An armed and masked gang on motorcycles surrounded the office of the national police in Caracas last week, demanding freedom for a member who had been arrested. The twist-this paramilitary group, like many others, is sponsored by the state itself. When neighborhood associations become extortion rackets.
The proliferation of armed groups that skirt the edge of the law is made worse by the fact that the state is doing nothing about them. Indeed, the state fuels the anarchy, with political justifications and also by supplying the groups with people, material and financial backing.
Thus warns Roberto Briceno Leon, head of the Venzuelan Observatory on Violence(OVV), in the aftermath of the seizure of the PNB national police headquarters by members of a collective from the Twenty-Third of January district earlier this week. The armed group was demanding that police free one of its members, who had been arrested for criminal possession of a firearm.
Briceno Leon underlined that the collectives in Twenty-Third of January were not created by the Chavez state, but developed among people who were trying to improve living conditions in their communities.
“Nevertheless, they have emerged from an internal struggle over the control of territory and whether to get involved in illicit activities. Among them were groups which were organized to stop drug trafficking, but in the end these same groups took over the trafficking business, with the excuse that they would be a source of financing for their social and political struggle.”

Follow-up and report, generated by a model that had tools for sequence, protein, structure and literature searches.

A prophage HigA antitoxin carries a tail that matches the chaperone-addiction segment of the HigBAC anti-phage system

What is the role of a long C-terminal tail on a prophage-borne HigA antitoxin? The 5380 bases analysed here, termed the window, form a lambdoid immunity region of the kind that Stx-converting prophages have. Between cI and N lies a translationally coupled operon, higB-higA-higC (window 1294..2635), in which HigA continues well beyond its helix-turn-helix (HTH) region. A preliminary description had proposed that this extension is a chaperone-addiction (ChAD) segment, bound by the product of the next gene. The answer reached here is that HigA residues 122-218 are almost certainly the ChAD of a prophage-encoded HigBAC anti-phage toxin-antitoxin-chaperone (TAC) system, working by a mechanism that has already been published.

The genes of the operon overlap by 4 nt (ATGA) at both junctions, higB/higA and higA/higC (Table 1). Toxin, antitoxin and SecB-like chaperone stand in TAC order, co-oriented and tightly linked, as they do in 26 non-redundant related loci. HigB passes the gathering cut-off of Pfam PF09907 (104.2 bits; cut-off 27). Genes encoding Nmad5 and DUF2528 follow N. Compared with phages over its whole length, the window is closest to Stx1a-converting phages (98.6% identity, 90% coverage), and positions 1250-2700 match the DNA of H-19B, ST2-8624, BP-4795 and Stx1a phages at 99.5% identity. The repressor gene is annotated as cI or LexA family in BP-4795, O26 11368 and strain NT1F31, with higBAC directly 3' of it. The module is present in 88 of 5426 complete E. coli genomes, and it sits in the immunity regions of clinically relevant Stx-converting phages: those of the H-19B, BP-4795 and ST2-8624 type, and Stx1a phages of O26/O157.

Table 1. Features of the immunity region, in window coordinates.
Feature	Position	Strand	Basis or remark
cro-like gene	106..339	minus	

Jose Quintero, head of the Procatia neighborhood association, for 37 years a community activist in the district, traces the problem to the rise of Bolivarian Circles [workers’ councils]. “When they started to get funding from the government, the disputes for power increased, and citizen participation in public administration got put on the back burner.”
Caracas mayor Antonio Ledezma said that he ended up working jointly with Twenty-Third of January collectives in building reconstruction and renovating sporting and cultural facilities. “But Chavez’s bellicose rhetoric ended up being very freely interpreted by every group, and they degenerated into paramilitaries,” he said.
“There have been cases where the CIPC national police trace a telephone call to try to track down a kidnapping victim, but end up with their hands tied, unable to act, because the victim is in one of the areas where the state’s security forces are prohibited from going,” says Briceno Leon.
Although real activists are involved in some of the collectives, the OVV director says, their taking the law into their own hands delegitimizes them. In his opinion, the most serious issue is how the government has fueled their belligerency. “We have seen how their leaders sit down for formal meetings with ministers and deputies. We all remember the case of the United Socialist Party parliamentary deputy Robert Serra, with a group of armed children. There is really clear complicity here,” says the sociologist.
For his part, Ledezma underlines the government’s inconsistencies. “On the one hand there are punishments, with a law against carrying weapons, while on the other hand these collectives are permitted to carry guns, and ignore the rules.”